Traditional skills are being kept alive with the re-thatching of Hezlett House in Castlerock.
The roof of the historic National Trust cottage was in poor condition and thanks to buildings grant support from NIEA and a legacy gift the charity have been able to bring in a Master Thatcher to carry out essential repairs.
Toby Edwards National Trust Manager for Hezlett House told The Coleraine Times: “Our routine inspection and survey of this Grade A listed building revealed that the straw thatch was in poor condition. Thanks to funding from NIEA Built Heritage and a legacy gift, Eddie Black from Countrywide Thatching has been appointed to carry out the essential repairs.
“We’re currently stripping away the old thatch and replacing with new Turkish water reeds.
“The external appearance of water reeds is similar to straw but should last around 7-8 years longer.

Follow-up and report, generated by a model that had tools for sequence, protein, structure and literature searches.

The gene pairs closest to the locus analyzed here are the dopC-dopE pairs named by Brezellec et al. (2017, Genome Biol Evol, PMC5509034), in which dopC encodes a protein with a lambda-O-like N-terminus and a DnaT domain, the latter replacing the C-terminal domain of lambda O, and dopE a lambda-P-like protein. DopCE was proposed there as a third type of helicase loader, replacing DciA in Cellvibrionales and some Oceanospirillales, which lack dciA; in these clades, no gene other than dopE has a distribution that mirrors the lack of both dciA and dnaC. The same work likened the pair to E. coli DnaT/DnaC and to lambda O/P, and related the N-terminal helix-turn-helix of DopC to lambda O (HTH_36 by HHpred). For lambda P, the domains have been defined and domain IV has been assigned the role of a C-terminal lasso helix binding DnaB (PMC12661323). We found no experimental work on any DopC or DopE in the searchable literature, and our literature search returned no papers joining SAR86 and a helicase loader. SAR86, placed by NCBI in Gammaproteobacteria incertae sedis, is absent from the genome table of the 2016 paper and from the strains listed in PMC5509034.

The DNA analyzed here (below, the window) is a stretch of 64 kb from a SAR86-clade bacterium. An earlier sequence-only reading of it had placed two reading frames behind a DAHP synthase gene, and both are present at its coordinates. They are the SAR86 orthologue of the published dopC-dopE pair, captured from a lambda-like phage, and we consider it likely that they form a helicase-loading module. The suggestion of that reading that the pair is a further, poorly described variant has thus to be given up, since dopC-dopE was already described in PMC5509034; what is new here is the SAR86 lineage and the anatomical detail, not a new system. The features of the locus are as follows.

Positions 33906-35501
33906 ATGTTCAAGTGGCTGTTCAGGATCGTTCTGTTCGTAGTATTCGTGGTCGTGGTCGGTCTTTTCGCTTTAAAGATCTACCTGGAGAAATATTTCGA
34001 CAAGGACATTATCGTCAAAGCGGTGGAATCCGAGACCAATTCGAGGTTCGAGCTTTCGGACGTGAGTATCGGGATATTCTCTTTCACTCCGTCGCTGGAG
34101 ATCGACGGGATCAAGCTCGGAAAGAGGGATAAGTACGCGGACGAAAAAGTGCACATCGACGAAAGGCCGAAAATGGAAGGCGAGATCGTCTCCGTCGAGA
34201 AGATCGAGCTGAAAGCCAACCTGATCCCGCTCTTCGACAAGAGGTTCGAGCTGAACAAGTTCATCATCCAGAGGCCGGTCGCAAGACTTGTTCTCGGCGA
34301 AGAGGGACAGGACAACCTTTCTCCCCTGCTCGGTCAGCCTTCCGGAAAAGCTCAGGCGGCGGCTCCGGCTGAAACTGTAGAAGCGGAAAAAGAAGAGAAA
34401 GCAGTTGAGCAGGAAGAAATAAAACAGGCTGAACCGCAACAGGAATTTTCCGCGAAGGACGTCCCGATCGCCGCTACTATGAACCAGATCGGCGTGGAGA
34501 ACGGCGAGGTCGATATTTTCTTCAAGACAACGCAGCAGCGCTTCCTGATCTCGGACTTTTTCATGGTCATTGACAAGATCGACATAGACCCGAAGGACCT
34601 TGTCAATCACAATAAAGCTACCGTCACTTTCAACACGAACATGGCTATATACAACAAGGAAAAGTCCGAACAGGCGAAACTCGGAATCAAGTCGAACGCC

“Maintenance of the thatch is essential to ensure that the house is protected and maintained for the enjoyment of future generations. Thatch was once the roofing material of choice, today, few remain.”
Hezlett House (also known as Liffock House) is significant for its style of construction ( cruck-truss and thatch) and is a rare survival of its kind.
Dating to the 1690s it is one of the oldest vernacular houses in Northern Ireland.
Visit Hezlett House while the work is taking place and see conservation in action throughout August. You can also follow the progress on the charity’s facebook page www.facebook.com/DownhillNationalTrust